The international workshop "Protecting the rights of young children affected and infected by HIV/AIDS in Africa: Updating strategies and reinforcing existing networks" took place in UNESCO Headquarters co-organized by UNESCO and the Early Childhood Development Network for Africa (ECDNA)
This paper examines and questions the predictions found in the academic and policy literature of social breakdown in Southern Africa in the wake of anticipated high rates of orphanhood caused by the AIDS epidemic.
The common presumption that orphans are less likely to attend school than non-orphans is re-examined using survey data from two regions in Tanzania. It is argued that orphans should not be compared simply with non-orphans since there are other vulnerable groups of children.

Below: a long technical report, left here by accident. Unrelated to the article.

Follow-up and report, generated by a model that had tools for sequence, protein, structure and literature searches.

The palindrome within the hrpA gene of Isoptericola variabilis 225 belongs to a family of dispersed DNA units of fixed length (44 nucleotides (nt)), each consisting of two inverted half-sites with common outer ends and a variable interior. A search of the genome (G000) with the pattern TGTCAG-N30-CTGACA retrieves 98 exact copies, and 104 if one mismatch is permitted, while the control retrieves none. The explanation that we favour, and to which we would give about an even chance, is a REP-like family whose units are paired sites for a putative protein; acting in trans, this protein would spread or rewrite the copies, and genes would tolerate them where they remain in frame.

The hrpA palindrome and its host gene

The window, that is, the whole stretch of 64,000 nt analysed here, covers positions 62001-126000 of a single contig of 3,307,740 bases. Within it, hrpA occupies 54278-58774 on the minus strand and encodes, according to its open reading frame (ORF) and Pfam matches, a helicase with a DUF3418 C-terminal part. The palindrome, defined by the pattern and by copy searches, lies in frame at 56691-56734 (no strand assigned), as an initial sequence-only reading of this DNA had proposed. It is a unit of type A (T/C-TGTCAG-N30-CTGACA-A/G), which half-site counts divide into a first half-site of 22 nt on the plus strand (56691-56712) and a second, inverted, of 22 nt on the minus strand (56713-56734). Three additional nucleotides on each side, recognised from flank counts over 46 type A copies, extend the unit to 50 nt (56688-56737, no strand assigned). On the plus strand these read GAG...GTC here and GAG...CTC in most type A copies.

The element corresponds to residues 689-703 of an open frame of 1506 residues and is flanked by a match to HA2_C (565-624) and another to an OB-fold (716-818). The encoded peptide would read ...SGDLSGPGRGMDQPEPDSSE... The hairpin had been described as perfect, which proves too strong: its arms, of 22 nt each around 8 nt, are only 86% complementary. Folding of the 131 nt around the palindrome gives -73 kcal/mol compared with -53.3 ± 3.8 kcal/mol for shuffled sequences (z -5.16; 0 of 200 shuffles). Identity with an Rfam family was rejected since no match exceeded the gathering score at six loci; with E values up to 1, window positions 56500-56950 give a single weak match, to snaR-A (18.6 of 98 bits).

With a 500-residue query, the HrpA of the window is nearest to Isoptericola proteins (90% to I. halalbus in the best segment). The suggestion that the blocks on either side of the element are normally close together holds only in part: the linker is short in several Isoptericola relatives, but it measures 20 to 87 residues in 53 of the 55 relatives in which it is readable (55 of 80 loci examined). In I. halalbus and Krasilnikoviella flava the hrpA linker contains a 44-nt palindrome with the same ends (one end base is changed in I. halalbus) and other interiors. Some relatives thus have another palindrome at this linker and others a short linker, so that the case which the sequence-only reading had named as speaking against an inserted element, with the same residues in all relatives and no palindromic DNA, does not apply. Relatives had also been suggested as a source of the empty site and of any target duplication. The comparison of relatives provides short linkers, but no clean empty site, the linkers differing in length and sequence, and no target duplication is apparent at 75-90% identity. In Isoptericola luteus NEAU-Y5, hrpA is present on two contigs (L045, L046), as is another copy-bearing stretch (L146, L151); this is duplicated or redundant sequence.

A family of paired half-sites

Review 2003 asks the question: how does the epidemic impact on families and the personal relationships between family members - between partners, between husbands and wives, between parents and their children and between siblings?
In the face of international pressure and local concern regarding the repercussions of the AIDS pandemic for children in South Africa, as well as the review underway of both social assistance and children's legislation in the country, there is much debate regarding appropriate social securit
Educators need reliable information and advice on a very wide range of issues related to HIV/AIDS and sexuality education and they need to be concise. This booklet aims to fulfill that need and contains practical policy guidelines for all educators in Zambia.
The HIV/AIDS epidemic in sub-Saharan Africa has already orphaned a generation of children - and now seems set to orphan generations more. Today, over 11 million children under the age of 15 living in sub-Saharan Africa have been robbed of one or both parents by HIV/AIDS.